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Educate Comprehensively — From Calculus to Carpentry; East Syracuse Minoa Schools’ Message at the U.S. Department of Education

The East Syracuse Minoa Central School District prides itself on educating the whole student — every student.  Its educators say this dedication to excellence through cross-disciplinary and inquiry-based learning forms the core of its identity and values.

Fifty-three of the district’s high school students and eight faculty members and parents traveled to the U.S. Department of Education (ED) in Washington, D.C., recently to showcase the district’s comprehensive education — one with broad offerings that include art, physics, music, English composition, computer programming and automotive technology.  As evidence of this integration, the group opened its 105-piece K–12 student art exhibit and showed a student-made film on all of its career and technical education classes to myriad D.C.-area arts educators, leaders and advocates, one of their Congresspersons’ staff members and ED staff.

“We have students who take AP [Advanced Placement] art in the morning and go to auto tech in the afternoon,” said Matthew Cincotta, chair of the high school’s art department.  He described a class in which students merged information from art and biology to inspect a dissected cat.  “We talked about connective tissue,” Cincotta explained. “You have to understand anatomy to understand how to draw hand and body parts.”

The artwork at ED, which will be exhibited through August, includes two works from rising senior Amanda Szatanek — a self-portrait and a ceramic Buddha. Amanda, who is leaning toward a career teaching ceramics, is passionate about art and science, and has completed classes in both areas.  The exhibit also includes a charcoal sketch of a golden retriever, whose creator, rising sophomore Helaina Scolaro, said her family selected this breed for a pet because the color of the dog’s hair matches hers (and her younger brother’s). “Luna” sports soulful eyes and abundant whiskers. Helaina is considering a career in interior design.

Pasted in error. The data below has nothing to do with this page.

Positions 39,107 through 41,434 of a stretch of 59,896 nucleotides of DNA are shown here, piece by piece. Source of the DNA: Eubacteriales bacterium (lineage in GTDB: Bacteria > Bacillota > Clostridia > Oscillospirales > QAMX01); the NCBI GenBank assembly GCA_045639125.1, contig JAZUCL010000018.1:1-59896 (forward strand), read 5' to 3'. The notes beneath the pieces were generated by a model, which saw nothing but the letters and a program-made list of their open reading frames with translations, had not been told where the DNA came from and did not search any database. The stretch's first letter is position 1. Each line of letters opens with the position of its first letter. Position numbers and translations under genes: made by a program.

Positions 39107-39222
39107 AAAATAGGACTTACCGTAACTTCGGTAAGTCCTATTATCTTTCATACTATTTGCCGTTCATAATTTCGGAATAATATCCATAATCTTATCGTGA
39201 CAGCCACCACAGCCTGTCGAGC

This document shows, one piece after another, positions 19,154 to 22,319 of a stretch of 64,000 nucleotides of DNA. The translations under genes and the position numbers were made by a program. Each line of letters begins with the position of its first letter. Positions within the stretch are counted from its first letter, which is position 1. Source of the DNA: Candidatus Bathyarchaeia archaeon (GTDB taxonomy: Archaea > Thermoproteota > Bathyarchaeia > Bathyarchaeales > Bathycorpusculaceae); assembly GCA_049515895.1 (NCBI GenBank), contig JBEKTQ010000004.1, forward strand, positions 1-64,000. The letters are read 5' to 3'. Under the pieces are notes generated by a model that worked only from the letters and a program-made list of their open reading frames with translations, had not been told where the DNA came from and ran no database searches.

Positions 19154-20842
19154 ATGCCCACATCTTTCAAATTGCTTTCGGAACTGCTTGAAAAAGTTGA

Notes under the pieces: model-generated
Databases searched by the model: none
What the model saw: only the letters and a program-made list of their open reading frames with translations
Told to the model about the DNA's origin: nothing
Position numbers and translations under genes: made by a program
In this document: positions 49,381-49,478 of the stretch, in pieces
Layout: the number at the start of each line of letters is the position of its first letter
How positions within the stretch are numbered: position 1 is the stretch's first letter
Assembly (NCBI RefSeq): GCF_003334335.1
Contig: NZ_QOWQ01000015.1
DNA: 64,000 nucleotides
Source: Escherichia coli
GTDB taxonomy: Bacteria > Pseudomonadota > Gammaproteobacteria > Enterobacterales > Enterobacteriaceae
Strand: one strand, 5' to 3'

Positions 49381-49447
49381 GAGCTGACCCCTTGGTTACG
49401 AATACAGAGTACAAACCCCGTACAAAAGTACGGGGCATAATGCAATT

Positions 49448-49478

Helaina Scolaro with her charcoal sketch of her golden retriever

Amanda Szatanek with a photo of her ceramic Buddha


The district’s high school is one of only 11 in New York State designated as comprehensive; it provides career and technical education classes that range from fashion sewing as part of Family and Consumer Science to TV news as part of Communication and Media Studies, a broad range of academic classes, including many AP offerings, and a student-led credit union.  College-level courses are available in conjunction with area higher education institutions. In addition to the numerous classes listed in its 54-page high school course catalog, faculty provide classes on request from even just one student.

During the program, Grenardo Avellino, executive principal of the high school, explained the district’s philosophy. The 21st century requires graduates skilled in “critical thinking, problem-solving, communication, collaboration, creativity and innovation,” he said, all of which he views as “essential for success in college, career and citizenship.”  ESM students develop these abilities as well as their leadership capacities both inside and outside the classroom, and provide their voice in all the school does by representing their classmates on various committees.  Students also learn practical ways to apply their studies. For example, ESM carpentry students have been building new homes and additions for residents of the school district for more than 30 years. The program has saved homeowners thousands of dollars on labor costs, while improving the community and educating its local students.